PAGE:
GAINESVILLE – Will 2021 be the type of year that leaders in Gainesville and Hall County were hoping 2020 was going to be, at least in the areas of growth and new construction?
“I think back to the beginning of 2020, and one of the things that we talked about internally was that this was going to be the year of construction,” Gainesville Community and Economic Development Director Rusty Ligon said during a telephone interview last week.
“We had a lot of projects that had been approved…so we thought we were going to see a lot of construction in 2020…then COVID-19 hit in March, and I can honestly say that I thought several of these projects may not happen at all,” Ligon continued. “I was very nervous about what was going on.”
But those concerns never materialized, Ligon said. “Through it all we have been extremely fortunate in the city because those projects have continued forward and you see that construction going on now.”
Hall County’s Director of Planning and Development, Sarah McQuade, says the county also seems to have missed the brunt of the slowdown effect connected to the virus. “We did not really see much slowdown or impact from the pandemic.”
“We, if anything, saw a lot of homeowners who started tackling projects that they had been putting off,” McQuade explained. “And we did not see much of an impact either on the larger residential side or commercial side as far as permitting.”
Ligon’s Deputy Director, Matt Tate, says the data bears out the fact that the coronavirus’s effect on construction in the city for calendar year 2020 was not as catastrophic as initially feared in the early spring.
Tate said the number of permits issued by the city for all residential, commercial and miscellaneous building projects combined for this year is close to the number issued in pre-pandemic 2019. “In 2019 there were a total of 2561 permits, and to date (December 21) in 2020 it’s 2234 permits.”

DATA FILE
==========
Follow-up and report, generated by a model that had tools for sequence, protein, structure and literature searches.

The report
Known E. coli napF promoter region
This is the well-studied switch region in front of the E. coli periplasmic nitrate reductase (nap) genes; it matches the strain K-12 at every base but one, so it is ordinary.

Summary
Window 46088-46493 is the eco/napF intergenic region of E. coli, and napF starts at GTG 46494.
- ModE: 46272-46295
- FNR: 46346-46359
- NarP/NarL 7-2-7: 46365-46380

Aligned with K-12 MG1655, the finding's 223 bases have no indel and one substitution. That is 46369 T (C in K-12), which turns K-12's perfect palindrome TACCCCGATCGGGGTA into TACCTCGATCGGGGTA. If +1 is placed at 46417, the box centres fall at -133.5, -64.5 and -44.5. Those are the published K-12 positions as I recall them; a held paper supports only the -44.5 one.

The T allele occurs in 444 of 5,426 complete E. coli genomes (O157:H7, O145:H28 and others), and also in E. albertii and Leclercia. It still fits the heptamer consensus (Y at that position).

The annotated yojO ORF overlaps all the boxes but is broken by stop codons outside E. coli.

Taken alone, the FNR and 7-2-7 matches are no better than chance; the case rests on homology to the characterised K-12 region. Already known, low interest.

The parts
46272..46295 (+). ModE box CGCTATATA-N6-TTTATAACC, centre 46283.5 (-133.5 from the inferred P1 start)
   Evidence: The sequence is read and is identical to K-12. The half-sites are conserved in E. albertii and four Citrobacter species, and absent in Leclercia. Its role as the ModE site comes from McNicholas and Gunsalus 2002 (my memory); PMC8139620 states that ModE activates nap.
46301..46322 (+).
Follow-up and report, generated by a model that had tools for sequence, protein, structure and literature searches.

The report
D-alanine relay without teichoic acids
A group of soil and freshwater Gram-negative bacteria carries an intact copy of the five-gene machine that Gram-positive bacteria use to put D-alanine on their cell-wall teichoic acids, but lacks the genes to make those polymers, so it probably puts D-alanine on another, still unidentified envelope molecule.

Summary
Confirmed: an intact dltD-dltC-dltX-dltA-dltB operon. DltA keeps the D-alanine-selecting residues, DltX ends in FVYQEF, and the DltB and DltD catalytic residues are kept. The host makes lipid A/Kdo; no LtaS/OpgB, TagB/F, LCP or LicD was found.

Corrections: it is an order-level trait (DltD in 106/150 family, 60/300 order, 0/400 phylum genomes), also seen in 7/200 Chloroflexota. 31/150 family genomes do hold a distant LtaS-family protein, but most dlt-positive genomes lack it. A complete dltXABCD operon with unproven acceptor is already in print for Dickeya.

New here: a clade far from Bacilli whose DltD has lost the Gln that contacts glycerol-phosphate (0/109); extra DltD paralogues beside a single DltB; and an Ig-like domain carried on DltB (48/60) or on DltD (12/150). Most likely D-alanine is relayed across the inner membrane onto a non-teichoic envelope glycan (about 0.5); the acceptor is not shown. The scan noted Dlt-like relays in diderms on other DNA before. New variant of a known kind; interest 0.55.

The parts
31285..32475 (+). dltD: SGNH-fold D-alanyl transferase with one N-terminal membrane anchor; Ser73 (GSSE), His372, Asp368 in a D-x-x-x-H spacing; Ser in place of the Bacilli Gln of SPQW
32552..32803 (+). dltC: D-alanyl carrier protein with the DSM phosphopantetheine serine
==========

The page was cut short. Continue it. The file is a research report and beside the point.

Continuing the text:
Tate did qualify his numbers by saying, “I guess the biggest discrepancy between the two would be the number of single- family residential. For example, in 2019 there were 255 single-family permits; so far this year 129.”
As to what the next twelve months might bring to the city, Ligon said, “I think we’re going to see some additional commercial/residential projects get underway.” He referenced the hotel and residential project planned at the former First National Bank site on Green Street and the 400-spot parking deck on the former site of Turner, Wood and Smith Insurance, catty-corner from the library.
Ligon said he also expects several new projects to arise around the New Holland Market location. “I think in 2021 you’ll start seeing those come out of the ground,” Ligon predicted.
And if a grant that has been applied for is approved, Ligon said, a planned extension of the Highlands-to-Islands Trail will take off as soon as possible.
“I think because of everything that we have to offer with our outstanding quality of life, plenty of job opportunities…a pro-business environment…I think we have all the ingredients here to have good quality growth and be a great place to live,” Ligon said.
McQuade sees a similar 2021 shaping up for Hall County. “Truthfully, I think we’re going to see the current trend that we have seen for the past couple of years.”
McQuade said one area of development more applicable to the county than to Gainesville is an increase in industrial construction. “I think you’ll see more growth up the 365 Corridor…especially as we have our sewer (service) extend(ed),” she said.
“(And) we see increases in the types and complexity of the requests that we see…in the commercial and industrial side,” McQuade added.
In Gainesville growth in new stand-alone businesses should be strong. Ligon said, “We are talking with many different people who are interested in opening a business and developing here in Gainesville. Those conversations are going on almost on a daily basis. You’re going to hear some new announcements next year for additional development.”
Whether you live in the city or in the county, it appears 2021 is shaping up to be a strong year for construction and growth as people discover the advantages that Gainesville and Hall County have to offer.